If you have any chickens in the house, you're going to want to keep them away from the computer. Georgia Tech researchers have developed the device that will haunt their feathered dreams. The prototype Intelligent Cutting and Deboning System has a built-in 3D vision system in order to help it cut and debone a chicken. The robot uses collected data and custom algorithms to help reduce bone fragments and increase yield on birds, whilst ensuring that no fowl with ever get a full night's sleep again. The school has begun testing the system, as evidenced by the unfortunate bird picture above. Press release after the break, if you're not too chicken.
A Cut Above: Innovative Robot Uses 3-D Imaging and Sensor-based Cutting Technology to Debone Poultry
Researchers at the Georgia Tech Research Institute (GTRI) have developed a prototype system that uses advanced imaging technology and a robotic cutting arm to automatically debone chicken and other poultry products.
The Intelligent Cutting and Deboning System employs a 3-D vision system that determines where to cut a particular bird. The device automatically performs precision cuts that optimize yield, while also greatly reducing the risk of bone fragments in the finished product.
"Each bird is unique in its size and shape," said Gary McMurray, chief of GTRI's Food Processing Technology Division. "So we have developed the sensing and actuation needed to allow an automated deboning system to adapt to the individual bird, as opposed to forcing the bird to conform to the machine."
Poultry is Georgia's top agricultural product, with an estimated annual economic impact of nearly $20 billion statewide. Helping the poultry industry maximize its return on every flock can translate to important dividends. The research is funded by the state of Georgia through the Agricultural Technology Research Program at GTRI.
Under the Intelligent Cutting and Deboning System, a bird is positioned in front of the vision system prior to making a cut, explained GTRI research engineer Michael Matthews. The vision system works by making 3-D measurements of various location points on the outside of the bird. Then, using these points as inputs, custom algorithms define a proper cut by estimating the positions of internal structures such as bones and ligaments.
"Our statistics research shows that our external measurements correlate very well to the internal structure of the birds, and therefore will transition to ideal cutting paths," Matthews said. "In our prototype device, everything is registered to calibrated reference frames, allowing us to handle all cut geometries and to precisely align the bird and the cutting robot. Being able to test all possible cut geometries should enable us to design a smaller and more simplified final system."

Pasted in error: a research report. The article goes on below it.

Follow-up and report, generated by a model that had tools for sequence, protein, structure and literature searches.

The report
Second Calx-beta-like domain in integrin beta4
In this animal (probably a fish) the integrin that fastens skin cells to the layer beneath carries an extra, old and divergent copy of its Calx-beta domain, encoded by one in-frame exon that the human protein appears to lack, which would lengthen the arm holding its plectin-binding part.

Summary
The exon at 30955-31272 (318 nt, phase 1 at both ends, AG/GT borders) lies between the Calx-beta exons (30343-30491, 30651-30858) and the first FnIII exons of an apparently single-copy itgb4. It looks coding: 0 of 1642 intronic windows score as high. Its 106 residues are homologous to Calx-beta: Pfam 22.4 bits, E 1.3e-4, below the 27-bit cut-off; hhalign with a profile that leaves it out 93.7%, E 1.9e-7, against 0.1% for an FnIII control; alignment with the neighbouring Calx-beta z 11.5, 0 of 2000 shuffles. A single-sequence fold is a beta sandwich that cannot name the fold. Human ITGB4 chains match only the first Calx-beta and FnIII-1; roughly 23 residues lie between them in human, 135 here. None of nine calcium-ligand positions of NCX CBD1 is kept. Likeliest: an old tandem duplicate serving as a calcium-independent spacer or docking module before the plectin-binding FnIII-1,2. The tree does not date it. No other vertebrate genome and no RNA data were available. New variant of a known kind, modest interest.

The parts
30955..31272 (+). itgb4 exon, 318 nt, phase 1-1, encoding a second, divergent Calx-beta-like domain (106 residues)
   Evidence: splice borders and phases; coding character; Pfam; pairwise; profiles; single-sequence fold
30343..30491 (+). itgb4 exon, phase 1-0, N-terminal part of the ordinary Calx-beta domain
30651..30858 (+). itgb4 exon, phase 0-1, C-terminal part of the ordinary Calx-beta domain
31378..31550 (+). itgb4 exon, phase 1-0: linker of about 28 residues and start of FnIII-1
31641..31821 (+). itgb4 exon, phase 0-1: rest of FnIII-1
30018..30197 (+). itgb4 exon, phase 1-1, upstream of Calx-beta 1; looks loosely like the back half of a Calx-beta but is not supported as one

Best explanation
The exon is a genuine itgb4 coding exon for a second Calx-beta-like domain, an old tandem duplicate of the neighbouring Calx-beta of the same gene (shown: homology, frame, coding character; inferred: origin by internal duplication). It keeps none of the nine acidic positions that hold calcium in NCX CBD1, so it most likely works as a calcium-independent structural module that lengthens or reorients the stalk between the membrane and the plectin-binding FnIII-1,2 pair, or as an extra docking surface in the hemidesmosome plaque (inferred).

The prototype uses a fixed two-degree-of-freedom cutting robot for making simple planar cuts. The bird is mounted on a six-degree-of-freedom robot arm that allows alignment of the bird and cutting robot to any desired position. The robot arm places the bird under the vision system, and then it moves the bird with respect to the cutting robot.
The system employs a force-feedback algorithm that can detect the transition from meat to bone, said research engineer Ai-Ping Hu. That detection capability allows the cutting knife to move along the surface of the bone while maintaining a constant force.
Since ligaments are attached to bone, maintaining contact with the bone allows the knife to cut all the ligaments around the shoulder joint without cutting into the bone itself. A similar approach can be used for other parts of the bird where meat must be separated from bone.
Hu explained that the force-feedback algorithm uses a force sensor affixed to the knife handle. During a cutting operation, the sensor enables the robot to detect imminent contact with a bone. Then, instead of cutting straight through the bone, the system directs the cutting tool to take an appropriate detour around the bone.
"Fine tuning is needed to adjust the force thresholds, to be able to tell the difference between meat, tendon, ligaments and bone, each of which have different material properties," Hu said.
McMurray said he expects the Intelligent Deboning System to match or exceed the efficiency of the manual process. Testing of the deboning prototype system, including cutting experiments, has confirmed the system's ability to recognize bone during a cut and to avoid bone chips – thus demonstrating the validity of GTRI's approach.
"There are some very major factors in play in this project," McMurray said. "Our automated deboning technology can promote food safety, since bone chips are a hazard in boneless breast fillets. But it can also increase yield, which is significant because every 1 percent loss of breast meat represents about $2.5 million to each of Georgia's 20 poultry processing plants."